The targets of these restrictions include teachers and health-care workers, in addition to low-level civil servants.
The Chinese Communist Party (CCP) has long restricted traveling abroad for private purposes, but in recent years, the authorities have gradually tightened their outbound management of low-level civil servants and have expanded this regulatory policy to the education field, demanding that primary and secondary schools across China strengthen their control over teachers going abroad by collecting teachers’ passports.
This edict was passed down right before last year’s National Day holiday, on October 1.
“To all school district directors, secondary school principals, directors of primary and secondary schools directly under county governments, and kindergarten directors: Please gather together all of the passports, Exit-Entry Permits for Traveling to and from Hong Kong and Macau, and Travel Permits for Mainlanders to Enter and Exit Taiwan of all of your work unit’s teachers and submit them to the archive room of the Bureau of Education for unified management. For those who refuse to hand over the documents they hold for leaving the country (territory) for private reasons to the personnel department, they will be punished,” a notice read.
And so, that school’s principal complied with government orders, urging teachers to turn in their passports for private affairs, which teachers were obliged to do, the school’s teacher said. In China, there are varying classes of passports: ordinary, aka a passport for private affairs, which is what most civilians would use to travel if they were allowed, plus diplomatic and service passports.
On October 9, another message was sent by the school authorities in that teachers’ WeChat group, which stated that according to the provisions in the newly revised Disciplinary Regulations of the Chinese Communist Party, implemented on October 1, the autonomous region’s Department of Education has currently stopped processing procedures to go abroad for private reasons.
In other words: None of the teaching and administrative staff can leave the country at will.
Worse, this practice of refusing to let citizens leave the country continues to be implemented throughout China. Imagine basically being a prisoner in your own land.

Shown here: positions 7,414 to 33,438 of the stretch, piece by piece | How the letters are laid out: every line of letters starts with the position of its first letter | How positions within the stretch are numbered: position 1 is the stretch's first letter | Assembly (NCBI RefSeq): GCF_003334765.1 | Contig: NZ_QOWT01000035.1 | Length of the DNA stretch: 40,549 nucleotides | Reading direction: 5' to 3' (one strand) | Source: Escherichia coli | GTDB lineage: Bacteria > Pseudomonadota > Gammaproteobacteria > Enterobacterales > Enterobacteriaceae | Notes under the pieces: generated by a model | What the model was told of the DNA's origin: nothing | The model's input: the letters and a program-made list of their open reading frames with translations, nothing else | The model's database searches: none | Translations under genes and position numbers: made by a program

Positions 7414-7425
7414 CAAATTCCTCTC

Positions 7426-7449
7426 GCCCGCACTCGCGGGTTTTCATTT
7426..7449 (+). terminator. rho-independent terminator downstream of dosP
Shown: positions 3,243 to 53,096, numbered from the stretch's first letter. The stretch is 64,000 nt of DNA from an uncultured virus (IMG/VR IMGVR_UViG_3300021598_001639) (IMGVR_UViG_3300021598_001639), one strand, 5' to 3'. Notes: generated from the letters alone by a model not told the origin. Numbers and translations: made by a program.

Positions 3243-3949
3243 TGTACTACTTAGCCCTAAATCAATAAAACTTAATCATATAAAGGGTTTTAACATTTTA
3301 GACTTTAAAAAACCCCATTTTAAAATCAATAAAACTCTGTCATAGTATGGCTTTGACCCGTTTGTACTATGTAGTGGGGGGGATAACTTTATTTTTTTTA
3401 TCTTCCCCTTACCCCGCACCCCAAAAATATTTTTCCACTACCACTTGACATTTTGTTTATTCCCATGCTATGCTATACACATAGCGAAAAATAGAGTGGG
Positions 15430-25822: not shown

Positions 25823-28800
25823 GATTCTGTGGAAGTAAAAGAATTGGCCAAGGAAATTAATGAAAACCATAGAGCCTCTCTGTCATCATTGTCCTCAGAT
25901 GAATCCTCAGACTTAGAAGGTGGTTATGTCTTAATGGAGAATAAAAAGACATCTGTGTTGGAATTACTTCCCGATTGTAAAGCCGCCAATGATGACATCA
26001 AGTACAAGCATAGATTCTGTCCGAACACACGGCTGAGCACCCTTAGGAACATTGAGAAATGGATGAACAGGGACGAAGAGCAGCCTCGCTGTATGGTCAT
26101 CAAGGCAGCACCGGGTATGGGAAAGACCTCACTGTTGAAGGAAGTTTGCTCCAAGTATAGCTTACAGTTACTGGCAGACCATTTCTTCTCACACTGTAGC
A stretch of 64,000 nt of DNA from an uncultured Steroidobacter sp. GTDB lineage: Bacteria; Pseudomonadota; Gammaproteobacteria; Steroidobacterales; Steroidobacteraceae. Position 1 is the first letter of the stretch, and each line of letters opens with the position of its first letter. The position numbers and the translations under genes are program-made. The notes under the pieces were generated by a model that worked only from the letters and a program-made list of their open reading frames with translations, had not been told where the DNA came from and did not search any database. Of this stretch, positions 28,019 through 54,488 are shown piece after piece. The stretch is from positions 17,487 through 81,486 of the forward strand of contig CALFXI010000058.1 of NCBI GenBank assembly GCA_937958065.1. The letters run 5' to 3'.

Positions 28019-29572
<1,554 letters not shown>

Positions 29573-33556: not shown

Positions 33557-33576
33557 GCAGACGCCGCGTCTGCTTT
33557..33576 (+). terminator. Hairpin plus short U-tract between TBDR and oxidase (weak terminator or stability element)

On December 25, 2018, the Education Bureau of Xinle city, in China’s northern Hebei Province, issued a document entitled Urgent Notice on Conducting Special Clean-Up and Regulatory Work for Illegally Leaving the Country (or Territory) for Private Purposes. The notice demands that all schools in the city focus on “cleaning up” and “regulating” cases in which people refuse to hand over their documents for leaving the country for private purposes; leave without approval; don’t report their travels abroad for private purposes, and so on.
The notice also demands that all units conduct further verification and investigations of valid documents for going abroad for private purposes held by the unit’s personnel whose passports and other related documents had been registered and filed, to ensure that all necessary documents are handed over.
The clamping down on the travel of teachers is the first time in roughly 40 years.
Aside from teaching staff, in recent years, the authorities have also been constantly strengthening their control over the departure abroad of low-level civil servants and public personnel.
Last October, a county government in Hebei Province’s Baoding city issued a notice demanding that the staff and leaders of all units who are on regular payroll in the county hand over their passports and exit-entry permits for traveling to and from Hong Kong and Macau, as well as travel permits for Taiwan, for unified management by the unit’s specially assigned staff members.
The notice also emphasized that if anyone doesn’t report their travel abroad with a passport for private purposes or refuses to hand over their documents for leaving the country, they will be reprimanded by the unit’s Party committee (or Party branch).
Lu Yao (a pseudonym) works at a hospital in Baoding. She told Bitter Winter that the hospital confiscated passports from the staff in November 2018, right after the hospital received the notice to do so. If employees need their passports, they must apply to the hospital’s management and wait for an approval.
At around the same time, the Public Security Bureau of a county in Hebei’s Langfang city also issued a document demanding that the entire county continue “to carry out the special regulatory work” aimed at those who hold documents for leaving the country for private affairs and implement hierarchical, centralized management of passports.
The document also states that this special regulatory work is an essential part of Hebei Province’s “Operation Skynet,” an anti-corruption campaign started by Xi Jinping’s government, which aims to have corrupt officials who have fled the country returned by countries like Britain and the United States.
Reported by Yang Xiangwen